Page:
15 months before the launch of Apollo 11 that landed the first humans on the Moon, Apollo 7 was the first Apollo mission that carried humans into orbit. NASA celebrates the first manned launch of the Apollo program with this retrospective featuring archival footage and interviews with Walter M. Schirra, Donn F. Eisele, and R. Walter Cunningham, the three astronauts on the historic mission.
The first atomic clock was built in 1955, and since then, they've been the standard at keeping the world synchronized. From TV broadcast signals to GPS, atomic clocks do more than minutes and seconds. Dr. Jun Ye and his team at the University of Colorado have built the most accurate atomic clock ever, an instrument capable of measuring everything from the Theory of Relativity to movement at the center of the Earth.
The supercomputer in your pocket is a miracle of human progress in science and technology — and a representative of the environmental impact of our modern society. From rare earth minerals to heavy metals like lead, a smartphone requires a lot of resources, and those resources mostly come from small countries with cheap labor. TED looks at what you need to make a smartphone and how that affects people and environments across the globe.
No human has been to the Moon since Apollo 17 in 1972. Well, that's about to change. Although the rocket hasn't even been built yet, SpaceX CEO Elon Musk announced that his company had officially signed the first private passenger to board the BFR launch vehicle and fly around the Moon. That person is Japanese billionaire Yusaku Maezawa. The fashion tycoon has bought the entire first flight and it's scheduled to take off as early as 2023.
When it comes to space colonization, everyone is talking about Mars. But if humans wanted to inhabit a closer space rock, we could start today. We currently have the technology and estimates from NASA to build a Lunar base. This could be the first step in further colonies as well as new technologies that could enhance our life here on Earth. As always, Kurzgesagt gives the details in a vibrantly animated nutshell.
Microbiologist Luke McKay is fascinated by the prospect of life on other planets. To help the search for alien life, McKay is studying a little closer to home — in the hot springs of the United States. Motherboard talked with McKay to see how life living in some of the most extreme conditions on Earth can help scientists look for life on other planets.
In an event held at the Steve Jobs Theater on the Apple Campus, the trillion dollar company made some big announcements. They revealed a new line of iPhones and an updated Apple watch. While the entire keynote took about two hours, you can catch all the highlights right here in under two minutes.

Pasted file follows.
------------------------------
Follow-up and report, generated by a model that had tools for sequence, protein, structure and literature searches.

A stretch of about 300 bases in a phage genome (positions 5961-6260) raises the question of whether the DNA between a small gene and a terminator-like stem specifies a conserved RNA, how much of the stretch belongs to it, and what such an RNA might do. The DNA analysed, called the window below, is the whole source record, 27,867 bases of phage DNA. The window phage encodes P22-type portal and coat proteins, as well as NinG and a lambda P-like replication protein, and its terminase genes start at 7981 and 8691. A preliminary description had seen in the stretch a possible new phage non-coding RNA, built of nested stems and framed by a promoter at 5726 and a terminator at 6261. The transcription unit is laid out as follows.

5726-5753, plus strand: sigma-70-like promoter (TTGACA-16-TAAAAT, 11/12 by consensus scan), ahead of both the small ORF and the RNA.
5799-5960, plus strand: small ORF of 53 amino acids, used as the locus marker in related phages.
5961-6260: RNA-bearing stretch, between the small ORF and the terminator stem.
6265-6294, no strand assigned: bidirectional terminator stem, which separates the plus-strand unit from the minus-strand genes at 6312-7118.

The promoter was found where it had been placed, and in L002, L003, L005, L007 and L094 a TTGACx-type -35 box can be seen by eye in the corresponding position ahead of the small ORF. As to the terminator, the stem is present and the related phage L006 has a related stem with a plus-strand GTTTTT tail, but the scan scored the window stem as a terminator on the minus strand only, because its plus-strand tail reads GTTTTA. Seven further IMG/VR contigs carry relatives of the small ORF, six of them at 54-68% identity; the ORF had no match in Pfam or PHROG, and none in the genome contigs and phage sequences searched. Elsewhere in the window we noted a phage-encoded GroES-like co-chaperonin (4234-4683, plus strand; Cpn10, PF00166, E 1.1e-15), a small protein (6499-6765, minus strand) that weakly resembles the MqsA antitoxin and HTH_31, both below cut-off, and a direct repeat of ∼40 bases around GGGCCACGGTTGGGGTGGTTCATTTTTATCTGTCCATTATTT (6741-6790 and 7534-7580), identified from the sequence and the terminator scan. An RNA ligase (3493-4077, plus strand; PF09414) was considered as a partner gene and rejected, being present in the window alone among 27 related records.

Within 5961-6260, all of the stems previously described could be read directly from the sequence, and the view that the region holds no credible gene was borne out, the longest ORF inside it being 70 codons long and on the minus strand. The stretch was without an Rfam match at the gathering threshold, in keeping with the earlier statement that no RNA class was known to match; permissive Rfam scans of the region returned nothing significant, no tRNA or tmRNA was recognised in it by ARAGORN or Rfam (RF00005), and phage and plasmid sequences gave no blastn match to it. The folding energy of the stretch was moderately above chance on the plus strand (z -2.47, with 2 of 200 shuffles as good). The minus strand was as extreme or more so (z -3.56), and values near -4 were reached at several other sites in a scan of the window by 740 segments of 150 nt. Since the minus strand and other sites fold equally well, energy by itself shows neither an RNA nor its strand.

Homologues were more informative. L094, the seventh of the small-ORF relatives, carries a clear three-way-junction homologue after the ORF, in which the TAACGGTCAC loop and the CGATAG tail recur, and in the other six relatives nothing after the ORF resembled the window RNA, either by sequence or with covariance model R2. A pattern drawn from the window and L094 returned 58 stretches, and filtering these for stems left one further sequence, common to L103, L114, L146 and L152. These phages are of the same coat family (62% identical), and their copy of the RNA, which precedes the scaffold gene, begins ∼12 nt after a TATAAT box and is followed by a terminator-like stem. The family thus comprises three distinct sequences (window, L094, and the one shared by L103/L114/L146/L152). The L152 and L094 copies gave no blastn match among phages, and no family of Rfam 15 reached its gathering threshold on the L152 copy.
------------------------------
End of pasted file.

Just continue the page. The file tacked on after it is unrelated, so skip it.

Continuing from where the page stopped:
One of the biggest problems in science isn't out there in space — it's right inside our own heads. Psychologist Axel Cleermans is on the search for what consciousness is, where it comes from, and why we alone seem to have it. By using robotic limbs activated by thinking, Cleermans is taking steps to answer one of the biggest questions in the universe.
Beneath a mountain in Italy, an international team of scientists called SABRE is preparing a new way to hunt for the most elusive substance that may or may not exist in the universe: dark matter. The Italian lab will work with another lab built in a gold mine in Australia, in order to filter out as much cosmic interference as possible. Geomicrobiologist Jennifer Macalady got to take an early tour of the facility with physicist Davide D'Angelo to learn how close we are to understanding one of the biggest mysteries of the universe.
There are 15,000 nuclear bombs in nine countries across the world — a devastating amount of destruction. Thankfully, very few people have witnessed firsthand the power of a nuclear explosion. But for those that have, it's an unforgettable experience. Motherboard talked to former British soldiers who were subjected to nuclear tests and what it was like to see the most destructive force on the planet up close.
Jennifer Macalady is a microbiologist exploring Italy's water-filled Frasassi Caves. The conditions in these caves might be similar to the conditions that the first life on Earth began — lightless and dark. Macalady hopes that the microbes she's discovering might hold the secrets to the origin of life, without the ability to harvest energy from the sun.